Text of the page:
Iranians queue for petrol after report that heavily-subsidized gasoline will be rationed, May 1, 2019

Facing US sanctions and a sharp fall in oil income, the Iran Government has begun rationing of heavily-subsidized gasoline, with motorists having to use smart cards for limited purchases.

The National Iranian Oil Product Distribution Company said on Monday that the system will begin in the capital Tehran and the cities of Karaj, Tabriz, and Esfahan.

The “fuel card” was introduced in 2007, when the Ahmadinejad Government hoped to cut spending on fuel subsidies and divert the funds to infrastructure programs.

Motorists could buy up to 60 liters of heavily-subsidized gasoline each month that they could buy at a heavily subsidized price at gas stations. The system was never implemented widely.

At the start of May, reports spread of the reintroduction of the smart card, with the ration of 60 liters per month for each driver and less-subsidized gasoline at a price three times higher. Long queues soon formed outside petrol stations to fill up before the system was implemented.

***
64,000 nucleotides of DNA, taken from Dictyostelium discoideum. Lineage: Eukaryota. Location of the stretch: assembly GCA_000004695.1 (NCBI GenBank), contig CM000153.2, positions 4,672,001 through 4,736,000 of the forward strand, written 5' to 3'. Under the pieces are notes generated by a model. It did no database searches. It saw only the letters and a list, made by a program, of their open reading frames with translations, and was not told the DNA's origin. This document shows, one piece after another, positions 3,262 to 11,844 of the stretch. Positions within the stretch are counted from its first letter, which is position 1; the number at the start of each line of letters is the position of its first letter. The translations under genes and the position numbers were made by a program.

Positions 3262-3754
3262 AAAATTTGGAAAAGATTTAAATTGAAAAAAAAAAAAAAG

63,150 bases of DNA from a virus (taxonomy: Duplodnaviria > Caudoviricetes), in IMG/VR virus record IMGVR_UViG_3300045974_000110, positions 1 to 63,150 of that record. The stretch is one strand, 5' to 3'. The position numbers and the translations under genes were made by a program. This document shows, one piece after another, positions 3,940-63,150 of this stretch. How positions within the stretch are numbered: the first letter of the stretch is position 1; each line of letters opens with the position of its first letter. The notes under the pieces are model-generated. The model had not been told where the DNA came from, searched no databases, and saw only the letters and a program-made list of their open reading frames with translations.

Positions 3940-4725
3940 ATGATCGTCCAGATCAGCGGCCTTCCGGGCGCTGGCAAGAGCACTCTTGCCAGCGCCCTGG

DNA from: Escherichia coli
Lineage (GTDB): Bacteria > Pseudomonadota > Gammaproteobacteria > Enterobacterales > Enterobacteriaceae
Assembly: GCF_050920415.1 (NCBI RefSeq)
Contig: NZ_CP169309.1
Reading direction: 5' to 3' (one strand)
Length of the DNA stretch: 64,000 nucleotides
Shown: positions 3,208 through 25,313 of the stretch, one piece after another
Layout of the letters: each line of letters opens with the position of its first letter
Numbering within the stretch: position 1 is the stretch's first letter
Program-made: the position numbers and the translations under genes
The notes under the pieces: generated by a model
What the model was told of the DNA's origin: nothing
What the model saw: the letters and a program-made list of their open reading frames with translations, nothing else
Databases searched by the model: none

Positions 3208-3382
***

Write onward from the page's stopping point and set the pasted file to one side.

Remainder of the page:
Oil Minister Bijan Zanganeh said the reports were incorrect, and an Interior Ministry official told Iranians to follow only “official” news.

Iran Daily, May 2: Queues Amid Reports of Petrol Rationing

The Government’s official explanation for the smart-card system is that it is needed to combat smuggling of fuel to neighboring countries, where prices are up to five times higher than even less-subsidized gasoline in Iran.

Estimates suggest Iran, now a gasoline-exporting country, is consuming more than 100 million liters of the fuel each day.

The NIOPDC did not say if rationing was being considered of less-subsidized gasoline in Iran’s two-price system.

Amid comprehensive US sanctions, Iran is trying to cope with a sharp reduction of oil sales. According to shipping and tanker information, Iranian exports this summer are as low as 100,000 barrels per day and no more than 400,000 bpd — up to 96% below the April 2018 level.

Iran Daily, July 31: Oil Exports May Be Down 96%